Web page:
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Re-Enchantment: Tibetan Buddhism Comes to the West
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Re-Enchantment: Tibetan Buddhism Comes to the West

4.08  ·  Rating Details ·  66 Ratings  ·  13 Reviews
The colourful tale of the successful flowering of an obscure, ancient Eastern sect in the modern world. In a single generation, Tibetan Buddhism developed from the faith of a remote mountain people, associated with bizarre, almost medieval, superstitions, to perhaps the most rapidly growing and celebrity-studded religion in the West. Disaffected with other religious tradit ...more
Hardcover, 288 pages
Published February 9th 2004 by W. W. Norton & Company
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Feb 09, 2008 Paul rated it liked it
A fascinating look at a process that began as long ago as the dawn of the 20th Century. Beginning with the interpid explorers of the early days which, by the way, included women acouple of whom had some of the greatest success in infiltrating Tibetan culture, even learning the notoriously difficult Tibetan language in an astonishingly short time - almost unheard of in that era. The book takes us from those beginnings through the tragedy of the Chinese occupation and the subsequent meeting of the ...more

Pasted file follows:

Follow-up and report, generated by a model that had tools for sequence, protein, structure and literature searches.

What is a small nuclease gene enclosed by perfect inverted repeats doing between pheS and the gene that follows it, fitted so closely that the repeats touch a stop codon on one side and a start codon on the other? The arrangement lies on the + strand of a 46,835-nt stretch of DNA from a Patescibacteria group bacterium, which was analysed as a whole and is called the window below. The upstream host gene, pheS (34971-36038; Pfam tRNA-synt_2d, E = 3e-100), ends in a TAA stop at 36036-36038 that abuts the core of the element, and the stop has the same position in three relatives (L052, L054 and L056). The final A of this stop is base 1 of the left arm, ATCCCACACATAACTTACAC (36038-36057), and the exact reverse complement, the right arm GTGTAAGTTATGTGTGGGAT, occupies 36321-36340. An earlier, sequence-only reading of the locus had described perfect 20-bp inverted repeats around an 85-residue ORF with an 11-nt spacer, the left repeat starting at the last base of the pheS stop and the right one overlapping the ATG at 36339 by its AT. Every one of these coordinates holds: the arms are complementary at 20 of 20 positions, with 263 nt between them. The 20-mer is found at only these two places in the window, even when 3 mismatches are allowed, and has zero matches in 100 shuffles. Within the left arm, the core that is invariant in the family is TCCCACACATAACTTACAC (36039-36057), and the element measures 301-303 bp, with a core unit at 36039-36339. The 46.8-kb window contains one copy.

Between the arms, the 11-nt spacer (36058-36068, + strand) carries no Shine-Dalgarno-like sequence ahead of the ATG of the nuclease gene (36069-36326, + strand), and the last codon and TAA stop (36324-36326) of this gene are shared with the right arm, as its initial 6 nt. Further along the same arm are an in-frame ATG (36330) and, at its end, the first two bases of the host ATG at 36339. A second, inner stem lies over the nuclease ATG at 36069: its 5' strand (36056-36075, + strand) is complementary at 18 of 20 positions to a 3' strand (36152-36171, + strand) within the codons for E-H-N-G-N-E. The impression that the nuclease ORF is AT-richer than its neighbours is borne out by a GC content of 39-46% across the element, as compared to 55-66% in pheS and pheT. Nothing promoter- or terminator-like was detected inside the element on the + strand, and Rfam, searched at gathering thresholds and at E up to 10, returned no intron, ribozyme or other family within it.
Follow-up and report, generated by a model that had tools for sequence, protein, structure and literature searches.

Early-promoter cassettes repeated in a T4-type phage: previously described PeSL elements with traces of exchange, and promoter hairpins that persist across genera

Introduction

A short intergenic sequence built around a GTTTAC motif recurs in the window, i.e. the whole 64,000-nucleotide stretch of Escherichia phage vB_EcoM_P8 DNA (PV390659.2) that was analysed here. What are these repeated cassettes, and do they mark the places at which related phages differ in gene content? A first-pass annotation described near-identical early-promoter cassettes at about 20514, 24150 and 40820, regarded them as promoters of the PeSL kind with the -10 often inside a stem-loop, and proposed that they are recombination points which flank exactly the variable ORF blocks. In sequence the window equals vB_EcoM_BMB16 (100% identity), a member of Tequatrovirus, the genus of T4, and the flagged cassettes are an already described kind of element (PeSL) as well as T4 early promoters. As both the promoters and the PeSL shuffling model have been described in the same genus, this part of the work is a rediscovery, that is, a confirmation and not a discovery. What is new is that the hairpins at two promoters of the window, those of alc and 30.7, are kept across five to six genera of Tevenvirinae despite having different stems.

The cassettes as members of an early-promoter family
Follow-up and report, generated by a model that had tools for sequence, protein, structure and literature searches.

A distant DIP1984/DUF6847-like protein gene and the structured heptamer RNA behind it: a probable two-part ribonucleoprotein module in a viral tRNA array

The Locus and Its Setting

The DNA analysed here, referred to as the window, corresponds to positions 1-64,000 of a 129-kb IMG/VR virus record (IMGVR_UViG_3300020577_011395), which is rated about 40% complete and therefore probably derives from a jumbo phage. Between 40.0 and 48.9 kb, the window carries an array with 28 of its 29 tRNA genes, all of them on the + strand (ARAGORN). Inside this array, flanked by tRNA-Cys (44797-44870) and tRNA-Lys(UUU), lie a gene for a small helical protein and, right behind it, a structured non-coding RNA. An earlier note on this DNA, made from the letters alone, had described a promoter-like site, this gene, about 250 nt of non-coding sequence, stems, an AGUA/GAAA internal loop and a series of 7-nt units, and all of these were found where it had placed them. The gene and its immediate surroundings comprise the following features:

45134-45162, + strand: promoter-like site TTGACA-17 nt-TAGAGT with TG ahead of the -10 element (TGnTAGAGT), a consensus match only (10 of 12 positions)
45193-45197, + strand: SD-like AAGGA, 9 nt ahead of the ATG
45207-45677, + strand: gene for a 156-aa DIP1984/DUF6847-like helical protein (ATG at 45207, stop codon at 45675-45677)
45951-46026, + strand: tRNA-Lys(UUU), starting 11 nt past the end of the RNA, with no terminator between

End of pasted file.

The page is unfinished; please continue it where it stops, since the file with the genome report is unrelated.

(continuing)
Ruta Sevo
Nov 08, 2014 Ruta Sevo rated it it was amazing  ·  review of another edition
The book is an entertaining and informative account of Westerners who have been attracted to Buddhism. It is written in a colorful and journalist style. Paine covers Thomas Merton, Alexandra David-Neel, Lama Yeshe, Chogyam Trungpa, Diane Perry/Tenzin Palmo, Theos Bernard, Catherine Burroughs/Jetsunma, and Richard Gere.

The chapter on Jarvis Jay Masters, a prisoner in San Quentin Penitentiary, is most interesting, because it captures the attraction of Buddhism to someone who has no access to a lam
Joel Brown
Dec 26, 2012 Joel Brown rated it it was amazing  ·  review of another edition
Consistently engaging throughout! Learned alot more in depth about some familiar names and some not as familiar.

Most of the book is NOT about the Dalai Lama which was refreshing in studies of Tibetan Buddhism in the West, but this quote stuck out to me regardless of that fact. "The Dalai Lama insists that he is a simple Buddhist monk and his insistence goes beyond words. With his constant travel his home is practically on airplanes, but unlike financiers and politicians with their private planes
May 22, 2009 Angie rated it it was amazing  ·  review of another edition
Shelves: buddhism, tibet, 2007
One of THE best books I’ve read this year. Hands down. Not only is the subject matter great, but he focuses not on the religious aspect of Tibetan Buddhism, but the people as well, crafting amazing tales around some figures that are worth reading into, like Tenzin Palmo, the Dalai Lama, Chogyam Trungpa, and Alexandra David-Neel.

His attitude for a traditional bibliography is great, too. He says it would be longer than the book itself, and really, he quoted a lot of books within the work itself, s
David Pantano
Nov 06, 2016 David Pantano rated it really liked it  ·  review of another edition